Game two was against my hotel roomie Eric Hoerger and his team. I was playing with Tony this game, and we laid waste to the White Scar/Thunderwolf army we were facing. Kurt and Sean’s game seemed to be just as one-sided as they killed Eric’s Imperial Knight in turn one. The game was so one sided that the highlight of the game is our opponent betting 100$ on wether a unit could overwatch if it was pinned. Also, I casually mentioned to Tony that our turn 3 strategy should be to table them, which resulted in me being instantly removed from the tactical discussions.
Game three, last of the day was my game with Sean. I only knew Sean because of the internet and I had a really good time playing at his side in the tournament, as we got 2 hard matches to deal with. Our opponent were Kelsey and Aaron and they played a Daemon bomb army that had 29+D6 warp charges on turn one in a maelstrom mission. Kelsey was drinking heavily, to say the least, and his partner Aaron suggested we do a shot every time someone peril’ed. Who was I to say no to such a cool house rule. It took us a while to grind through the countless daemons and the tide turned when the screamer star failed a grimoire roll. With that unit gone, the daemons were losing a lot of warp charges every turn and things snowballed into a 30-0 win.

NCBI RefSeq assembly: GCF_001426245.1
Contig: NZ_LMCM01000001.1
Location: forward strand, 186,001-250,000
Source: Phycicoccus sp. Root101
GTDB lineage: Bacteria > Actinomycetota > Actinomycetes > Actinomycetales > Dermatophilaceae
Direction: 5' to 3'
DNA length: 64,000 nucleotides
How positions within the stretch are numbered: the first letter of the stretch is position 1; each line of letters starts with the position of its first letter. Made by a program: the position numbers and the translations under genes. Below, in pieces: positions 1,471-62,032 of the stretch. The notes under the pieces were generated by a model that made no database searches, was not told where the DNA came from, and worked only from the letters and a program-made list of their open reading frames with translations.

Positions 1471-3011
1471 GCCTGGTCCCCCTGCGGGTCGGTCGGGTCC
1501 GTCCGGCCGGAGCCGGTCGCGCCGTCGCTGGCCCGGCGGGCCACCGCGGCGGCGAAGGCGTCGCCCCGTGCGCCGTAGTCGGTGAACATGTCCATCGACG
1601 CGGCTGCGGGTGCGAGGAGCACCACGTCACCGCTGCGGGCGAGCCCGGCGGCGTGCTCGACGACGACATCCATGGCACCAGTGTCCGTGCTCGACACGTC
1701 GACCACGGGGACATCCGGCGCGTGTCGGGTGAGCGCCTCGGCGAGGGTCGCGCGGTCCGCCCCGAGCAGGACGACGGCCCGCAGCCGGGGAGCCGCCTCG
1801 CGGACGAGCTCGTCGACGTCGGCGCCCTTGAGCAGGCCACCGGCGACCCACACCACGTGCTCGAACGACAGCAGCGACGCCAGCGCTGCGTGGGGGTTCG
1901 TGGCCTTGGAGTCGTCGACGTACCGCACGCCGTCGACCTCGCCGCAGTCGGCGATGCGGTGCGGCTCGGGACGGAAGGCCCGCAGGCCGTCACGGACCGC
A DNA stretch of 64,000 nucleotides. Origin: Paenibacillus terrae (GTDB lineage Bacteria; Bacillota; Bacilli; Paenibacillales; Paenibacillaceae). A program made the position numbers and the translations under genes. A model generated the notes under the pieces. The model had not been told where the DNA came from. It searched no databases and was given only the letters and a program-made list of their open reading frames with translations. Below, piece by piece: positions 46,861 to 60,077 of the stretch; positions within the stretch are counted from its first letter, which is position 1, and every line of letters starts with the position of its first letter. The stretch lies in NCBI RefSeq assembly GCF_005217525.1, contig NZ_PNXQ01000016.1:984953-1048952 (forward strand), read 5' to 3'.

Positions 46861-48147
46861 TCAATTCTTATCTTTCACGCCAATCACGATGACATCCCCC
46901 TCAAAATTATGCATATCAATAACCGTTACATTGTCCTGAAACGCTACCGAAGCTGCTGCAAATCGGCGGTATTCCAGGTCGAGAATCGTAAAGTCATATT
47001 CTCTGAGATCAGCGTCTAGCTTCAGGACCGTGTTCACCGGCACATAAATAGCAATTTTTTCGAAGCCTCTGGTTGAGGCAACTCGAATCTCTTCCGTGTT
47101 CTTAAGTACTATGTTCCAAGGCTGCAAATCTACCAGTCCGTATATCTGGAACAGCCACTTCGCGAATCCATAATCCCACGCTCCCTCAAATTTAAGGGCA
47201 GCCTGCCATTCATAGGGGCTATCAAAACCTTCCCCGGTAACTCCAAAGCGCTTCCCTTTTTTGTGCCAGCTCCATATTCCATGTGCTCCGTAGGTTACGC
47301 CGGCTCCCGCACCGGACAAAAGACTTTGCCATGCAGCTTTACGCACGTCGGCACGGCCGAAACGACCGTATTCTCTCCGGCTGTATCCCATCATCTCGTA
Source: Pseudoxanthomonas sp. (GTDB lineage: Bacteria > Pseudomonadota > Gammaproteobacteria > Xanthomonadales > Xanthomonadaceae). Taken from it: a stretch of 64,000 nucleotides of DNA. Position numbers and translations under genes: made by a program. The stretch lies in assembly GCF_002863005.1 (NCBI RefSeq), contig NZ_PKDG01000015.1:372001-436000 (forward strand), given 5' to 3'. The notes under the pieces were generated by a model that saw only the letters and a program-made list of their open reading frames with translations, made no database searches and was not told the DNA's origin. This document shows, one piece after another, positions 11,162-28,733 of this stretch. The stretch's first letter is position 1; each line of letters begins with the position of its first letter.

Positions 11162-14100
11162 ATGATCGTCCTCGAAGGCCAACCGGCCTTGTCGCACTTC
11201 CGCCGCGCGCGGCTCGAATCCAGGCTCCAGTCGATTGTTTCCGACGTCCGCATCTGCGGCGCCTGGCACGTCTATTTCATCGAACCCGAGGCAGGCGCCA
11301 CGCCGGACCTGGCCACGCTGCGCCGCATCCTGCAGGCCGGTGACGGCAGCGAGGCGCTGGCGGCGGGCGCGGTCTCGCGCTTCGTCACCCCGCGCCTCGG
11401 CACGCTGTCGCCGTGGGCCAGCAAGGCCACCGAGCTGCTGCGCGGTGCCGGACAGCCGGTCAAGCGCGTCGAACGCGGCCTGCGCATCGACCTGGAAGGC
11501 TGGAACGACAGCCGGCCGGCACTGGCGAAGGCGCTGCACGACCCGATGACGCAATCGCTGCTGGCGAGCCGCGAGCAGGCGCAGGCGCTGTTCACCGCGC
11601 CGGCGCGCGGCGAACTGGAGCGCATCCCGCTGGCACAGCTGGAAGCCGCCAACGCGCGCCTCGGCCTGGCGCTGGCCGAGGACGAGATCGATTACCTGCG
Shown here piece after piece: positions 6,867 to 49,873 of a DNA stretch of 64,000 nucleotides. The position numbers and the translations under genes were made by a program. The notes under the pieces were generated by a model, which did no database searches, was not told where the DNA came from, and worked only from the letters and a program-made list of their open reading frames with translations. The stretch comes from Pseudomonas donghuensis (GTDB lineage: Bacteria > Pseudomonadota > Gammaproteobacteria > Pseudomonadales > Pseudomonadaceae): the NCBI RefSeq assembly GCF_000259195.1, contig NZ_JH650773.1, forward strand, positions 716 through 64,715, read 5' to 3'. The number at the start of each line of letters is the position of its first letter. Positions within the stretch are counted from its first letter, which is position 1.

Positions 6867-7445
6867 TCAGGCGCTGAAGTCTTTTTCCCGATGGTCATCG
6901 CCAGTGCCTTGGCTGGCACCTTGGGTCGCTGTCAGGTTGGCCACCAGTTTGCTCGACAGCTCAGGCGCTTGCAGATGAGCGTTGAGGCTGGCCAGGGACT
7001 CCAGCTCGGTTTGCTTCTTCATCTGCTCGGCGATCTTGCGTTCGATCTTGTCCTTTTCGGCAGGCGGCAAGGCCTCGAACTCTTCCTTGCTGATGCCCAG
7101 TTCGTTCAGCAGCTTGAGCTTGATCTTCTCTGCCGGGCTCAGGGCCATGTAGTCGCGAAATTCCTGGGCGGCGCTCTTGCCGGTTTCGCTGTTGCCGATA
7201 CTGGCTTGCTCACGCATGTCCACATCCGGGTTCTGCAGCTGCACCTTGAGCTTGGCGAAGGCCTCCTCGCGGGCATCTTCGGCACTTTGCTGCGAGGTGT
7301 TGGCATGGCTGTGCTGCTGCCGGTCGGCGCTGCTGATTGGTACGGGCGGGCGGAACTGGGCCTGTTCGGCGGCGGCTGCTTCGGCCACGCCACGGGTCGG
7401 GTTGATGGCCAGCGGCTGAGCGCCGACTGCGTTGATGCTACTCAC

We ended day one with 112 out of 120 battle points, and we were bound to face heavy hitters for our last 2 rounds.
Game 4, was another Daemon army with 2 hound units and 2 daemonette units., but luckily this was kill points mission, where heavy summoning is ineffective. Winning 1st turn was really key as we got 2 turns of shooting before getting charged, coupled with our opponents not having misfortune or invisibilty. We attacked their warp charge pool, trying to get the tzeench heralds and horrors out of the way to cut the buffs and summoning early, which paid out. To add to their bad matchup, Horton’s team rolled horribly until the end and lost key units/models to their own warpstorm.
Game 5, where me and Sean faced Tim Gorham and his buddy, who were playing our biggest counter: Eldar/Tau gunline. Because life is full of challenges, we lost every pre-game roll off. We deployed all our infantry hugging the board edge in a plan to not get tabled on turn one. Not only did we
miraculously with mad skillz survive getting tabled, we manage not
to give up first blood. The maelstrom
mission was hard for null deployment as the team controlling more objectives
drew more cards. Sean made sure we held
on to objective cards worth a lot of points and managed to pull a draw out of a game
that could’ve been over by turn 1.
After 5 hard played games, the only question was whether we had enough theme and paint points to win best overall with our impressive battle score. Turns out we did, and TEAM U.S.Eh? is now the defending champion, should the guys allow me back on the team next year!